There was reputedly a large plaza where a statue of Tiberius was set up on a column. There was also a plaza where the omphalos stood (though some put this on the Island). In some versions the Nymphaeum also stood at a major junction. Whether this stood in the middle of the street or framed the view up an avenue coming from the Island is not established.

While not a single full column, base or capital was discovered, some column drums were unearthed. These evidenced that the columns were 58cms to 65cms in diameter, indicating a full height of around 6 metres (before capitals, cornices,architraves etc). On the scale of things this is quite substantially less than the 9 metre columns of the Palmyrene colonnade, however, as Lassus points out (from the evidence of the spacing), the Antioch colonnade would have had an enormous requirement in stonework with around 700 columns on each side of the street giving a total of 1,400 columns, minus some deductions for street junctions and other gaps in the colonnade.

A pending issues is how important structures along the street were dealt with. Did the street open out into the Forum of Valens or did it skirt along the edge? Did it become a one-sided colonnade when it got to the forum? In other places it must have had major public buildings placed along it (possibly the Bouleterion and temples) and so did the colonnade break in front of these or was it an unbroken line of columns for all its length?

Much remains to be answered. The frustration that Lassus felt is palpable in his review written for ANRW. He was on the verge of tying the street to the Forum of Valens at the Parmenios tunnel excavation when political factors forced the end of the dig. As he notes, despite all the cross-sections the team made, not one encountered a street junction with the transversal streets.This was somewhat understandable as the excavations were limited in size and the "narrow" ends of the blocks were a sizeable 58 metres. Thus it was easy to "miss" a junction.

This left unanswered issues as to the side streets' width and how the colonnade dealt with these "interruptions". Even worse, in his view, was not finding any of the major streets that crossed the colonnade. They had been almost certain before beginning the Parmenios dig that this was the place where the main avenue to the Island intersected and yet no trace was found.

Saturday, March 7, 2009

The Maccabean Connection

We have come to the conclusion that, despite the greater size of the Jewish community in Alexandria, there seemed to be a greater affinity between the Diaspora in Antioch and that in Jerusalem than existed with the Diaspora in the Egyptian capital. Maybe we are wrong.

We shall deal elsewhere with the nature of the Jewish community at Antioch as there are several good texts on the subject. The object of this commentary is the Maccabean connection to Antioch. This is linked over the centuries to the worship/commemoration of the martyrs of the Maccabean Uprising most specifically the woman, supposedly Ashmûnît, and her seven sons.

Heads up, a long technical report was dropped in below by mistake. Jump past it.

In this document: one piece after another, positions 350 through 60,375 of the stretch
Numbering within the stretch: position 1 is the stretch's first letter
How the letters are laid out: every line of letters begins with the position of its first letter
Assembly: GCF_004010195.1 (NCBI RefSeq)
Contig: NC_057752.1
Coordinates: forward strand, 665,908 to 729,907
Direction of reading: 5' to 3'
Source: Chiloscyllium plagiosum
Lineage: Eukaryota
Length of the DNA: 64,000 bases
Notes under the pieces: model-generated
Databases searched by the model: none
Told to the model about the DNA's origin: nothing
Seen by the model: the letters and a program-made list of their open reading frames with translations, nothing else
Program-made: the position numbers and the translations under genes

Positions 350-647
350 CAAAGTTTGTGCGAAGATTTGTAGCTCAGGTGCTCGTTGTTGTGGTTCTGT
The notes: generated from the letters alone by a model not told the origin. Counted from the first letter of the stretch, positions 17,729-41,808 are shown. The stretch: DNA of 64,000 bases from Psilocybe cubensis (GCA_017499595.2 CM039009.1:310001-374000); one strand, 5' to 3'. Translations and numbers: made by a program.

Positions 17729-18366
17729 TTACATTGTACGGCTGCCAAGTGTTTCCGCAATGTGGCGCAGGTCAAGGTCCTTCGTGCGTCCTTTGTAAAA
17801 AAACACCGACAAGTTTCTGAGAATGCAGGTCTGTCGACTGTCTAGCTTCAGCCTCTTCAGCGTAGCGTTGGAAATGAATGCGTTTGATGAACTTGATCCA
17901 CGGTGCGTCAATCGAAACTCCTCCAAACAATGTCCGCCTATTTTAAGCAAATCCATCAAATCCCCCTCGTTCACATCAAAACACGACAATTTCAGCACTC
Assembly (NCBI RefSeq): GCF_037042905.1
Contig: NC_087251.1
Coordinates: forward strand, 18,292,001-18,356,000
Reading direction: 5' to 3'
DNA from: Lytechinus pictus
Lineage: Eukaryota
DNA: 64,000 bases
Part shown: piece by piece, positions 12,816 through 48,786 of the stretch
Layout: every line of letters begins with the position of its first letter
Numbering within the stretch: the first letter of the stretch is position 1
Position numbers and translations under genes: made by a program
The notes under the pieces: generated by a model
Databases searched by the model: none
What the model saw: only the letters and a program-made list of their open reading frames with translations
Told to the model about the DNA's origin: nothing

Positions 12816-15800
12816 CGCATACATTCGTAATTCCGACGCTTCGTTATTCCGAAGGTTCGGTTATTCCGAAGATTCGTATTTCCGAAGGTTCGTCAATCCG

As William Stinespring relates in his excellent (and as yet unpublished) translation from 1932 of the "Arab Description of Antioch":

"In this city there is a fine building , which the people, after their (conversion to) faith in Christ, changed into a church bearing the name of the Lady Saint Ashmûnît. This place had been called a house of prayer of the Jews. It is near the summit of the mountain, on the western side. It is built on arcades, and beneath it there are tombs , among which is a hidden treasure-chamber to which one descends by means of a stairway. Herein is the tomb of Ezra the priest; and the tomb of Ashmûnît, and her seven sons whom King Aghâbiyûs put to death on account of their faith in God – He is great and mighty! And they are buried in this treasure-chamber. It also contains the mantle of Moses the prophet, and the staff of Joshua, the son of Nun, with which he divided the River Jordan; also the fragments of the Tables (of the Law). And still lower beneath this building there is another treasure-chamber in which is the knife with which Jephthah killed (his daughter) in sacrifice to God; also the keys to the Ark of the Covenant, with the purified and sanctified implements, hidden away, known to nobody."

In the great Byzantine tradition, the structure was a veritable trove of religious bric a brac.

The topic of this tomb/synagogue/church/shrine is dealt with in a handful of articles over the years (most recently by Lothar Triebel in his article "Die angebliche Synagoge der makkabäischen Märtyrer in Antiochia am Orontes". and more distantly by Cardinal Rampolla del Tindaro in his work "Del luogo del matirio e del sepulcro dei Maccabei"). I have also recently surveyed the Julian Obermann article (Journal of Biblical Literature, Vol 50, No 4 - 1931 - pp 250-265) . It should be noted that this was written in 1931 without access to the Stinespring translation (which ironically was being produced at almost the same time).

Obermann makes some excellent observations and brings into play an Arabic version (by Ibn Schahin) of the Rabbinical texts. He notes that the Maccabean martyrs were the only example of Jewish "saints" being drafted into the Christian hagiosphere. And in Antioch it was not merely the concept but the physical "site" that was transformed from a tomb to a synagogue and eventually to a church.